New regulatory bodies

The act establishes a new Building Safety Regulator within the Health and Safety Executive to implement and enforce a new regulatory regime for residential buildings over 18m in height. The regulator will be tasked with overseeing the safety and performance of buildings and encouraging competence among registered building inspectors. It will be required to set up committees on building advice, industry competence, along with a residents’ panel to shape its approach.

The government is understood to be currently considering several different models for how the regulator will work with different levels of service to the industry.

A new national regulator for construction products will be established within the Office for Product Safety and Standards and this will have the power to remove products from the market. Other powers include the secretary of state being able to place products on a statutory ‘safety critical’ product list.

The Architects Registration Board (ARB) will be given the power to monitor the competence of architects and strike off those who fail to meet the required standard of competence. ARB will set the criteria after consultation with the sector, including other relevant bodies.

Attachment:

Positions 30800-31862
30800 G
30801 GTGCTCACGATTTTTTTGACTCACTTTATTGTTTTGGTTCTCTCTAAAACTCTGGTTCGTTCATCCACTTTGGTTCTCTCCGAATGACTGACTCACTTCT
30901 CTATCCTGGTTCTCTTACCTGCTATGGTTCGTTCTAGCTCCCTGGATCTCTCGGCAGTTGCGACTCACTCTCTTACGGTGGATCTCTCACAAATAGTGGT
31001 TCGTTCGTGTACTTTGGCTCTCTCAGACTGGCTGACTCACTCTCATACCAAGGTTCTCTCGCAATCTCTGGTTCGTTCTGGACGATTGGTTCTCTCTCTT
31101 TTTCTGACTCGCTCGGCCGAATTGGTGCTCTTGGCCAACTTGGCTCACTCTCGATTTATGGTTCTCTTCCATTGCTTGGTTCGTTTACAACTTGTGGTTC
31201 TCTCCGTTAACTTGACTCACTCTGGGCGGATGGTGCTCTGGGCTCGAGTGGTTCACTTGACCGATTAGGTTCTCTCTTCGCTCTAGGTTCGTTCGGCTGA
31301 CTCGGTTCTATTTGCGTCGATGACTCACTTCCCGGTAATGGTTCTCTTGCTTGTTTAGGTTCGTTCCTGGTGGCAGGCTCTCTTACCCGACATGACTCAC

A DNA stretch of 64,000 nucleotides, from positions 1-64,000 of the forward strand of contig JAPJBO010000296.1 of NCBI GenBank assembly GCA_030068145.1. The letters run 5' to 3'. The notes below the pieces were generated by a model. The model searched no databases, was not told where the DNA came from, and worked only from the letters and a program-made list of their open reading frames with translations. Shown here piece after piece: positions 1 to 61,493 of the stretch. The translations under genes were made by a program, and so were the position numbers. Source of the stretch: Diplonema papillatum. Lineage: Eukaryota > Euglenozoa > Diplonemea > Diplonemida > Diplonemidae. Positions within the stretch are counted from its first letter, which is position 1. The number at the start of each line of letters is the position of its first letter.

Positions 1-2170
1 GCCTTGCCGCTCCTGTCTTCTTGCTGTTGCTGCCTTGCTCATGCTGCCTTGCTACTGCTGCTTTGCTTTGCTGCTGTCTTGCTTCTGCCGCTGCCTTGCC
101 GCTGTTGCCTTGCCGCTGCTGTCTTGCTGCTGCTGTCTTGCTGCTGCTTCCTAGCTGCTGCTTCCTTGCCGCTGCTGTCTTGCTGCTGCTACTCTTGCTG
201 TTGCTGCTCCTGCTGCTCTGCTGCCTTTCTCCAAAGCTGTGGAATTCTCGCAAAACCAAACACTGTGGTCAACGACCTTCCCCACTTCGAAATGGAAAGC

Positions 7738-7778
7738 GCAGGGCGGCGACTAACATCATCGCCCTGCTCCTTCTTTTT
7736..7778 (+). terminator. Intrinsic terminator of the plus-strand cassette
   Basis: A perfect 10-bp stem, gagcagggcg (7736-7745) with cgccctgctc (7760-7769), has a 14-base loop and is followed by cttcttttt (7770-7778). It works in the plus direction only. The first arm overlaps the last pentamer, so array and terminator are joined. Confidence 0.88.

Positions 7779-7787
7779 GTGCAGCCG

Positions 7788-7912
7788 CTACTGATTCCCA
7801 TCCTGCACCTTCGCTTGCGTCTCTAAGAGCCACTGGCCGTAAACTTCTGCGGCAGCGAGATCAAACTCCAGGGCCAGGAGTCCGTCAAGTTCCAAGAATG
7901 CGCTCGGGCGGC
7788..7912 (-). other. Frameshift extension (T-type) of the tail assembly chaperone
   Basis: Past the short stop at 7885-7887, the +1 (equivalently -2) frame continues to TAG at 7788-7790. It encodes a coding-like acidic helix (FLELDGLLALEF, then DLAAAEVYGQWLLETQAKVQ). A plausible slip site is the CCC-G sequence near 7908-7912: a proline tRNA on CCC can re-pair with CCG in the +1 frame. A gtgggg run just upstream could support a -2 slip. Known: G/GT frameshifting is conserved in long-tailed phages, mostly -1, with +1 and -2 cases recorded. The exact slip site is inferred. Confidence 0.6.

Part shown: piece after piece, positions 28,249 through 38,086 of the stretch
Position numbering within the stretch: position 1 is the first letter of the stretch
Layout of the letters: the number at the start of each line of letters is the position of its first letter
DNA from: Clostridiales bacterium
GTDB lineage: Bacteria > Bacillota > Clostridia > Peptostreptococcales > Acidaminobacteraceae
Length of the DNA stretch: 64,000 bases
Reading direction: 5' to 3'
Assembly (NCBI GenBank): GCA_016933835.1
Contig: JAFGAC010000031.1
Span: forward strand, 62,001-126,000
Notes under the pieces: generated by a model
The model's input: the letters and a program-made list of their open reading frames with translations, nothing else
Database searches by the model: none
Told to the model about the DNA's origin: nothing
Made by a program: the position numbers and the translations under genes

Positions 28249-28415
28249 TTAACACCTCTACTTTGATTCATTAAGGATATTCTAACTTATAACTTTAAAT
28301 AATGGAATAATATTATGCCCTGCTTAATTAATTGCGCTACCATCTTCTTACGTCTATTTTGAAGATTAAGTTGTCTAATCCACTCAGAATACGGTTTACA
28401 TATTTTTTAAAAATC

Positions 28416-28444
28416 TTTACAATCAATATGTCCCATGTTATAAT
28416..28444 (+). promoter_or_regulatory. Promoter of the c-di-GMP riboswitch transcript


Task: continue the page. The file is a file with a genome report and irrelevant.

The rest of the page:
The act requires the secretary of state to setup a New Homes Ombudsman scheme to resolve complaints from homebuyers about developers.

This is expected to be developed by the independent body New Homes Quality Board, which made a series of appointments to its top team earlier this month. The legislation will give the government the power to require developers to become and remain members of the New Homes Ombudsman scheme for a period specified in secondary legislation. Regulations will also set out an enforcement framework including civil sanctions for breaching this requirement to become members.

The government has said that the secretary of state “may issue or approve a developers’ code of practice about the standards of conduct and standards of quality of work expected of the scheme’s members”.

See also>> The Building Safety Bill: a legal view

See also>> Interview with the man in charge of the new Building Safety Regulator

See also>> Preparing for the Building Safety Bill


The government last year set out a rough timeframe for various provisions in the act to come into effect. Building has sought clarity on whether this timeline still stands but this is what the government has previously said:

Next 12 months 

  • Establishing the Residents’ Panel within the Building Safety Regulator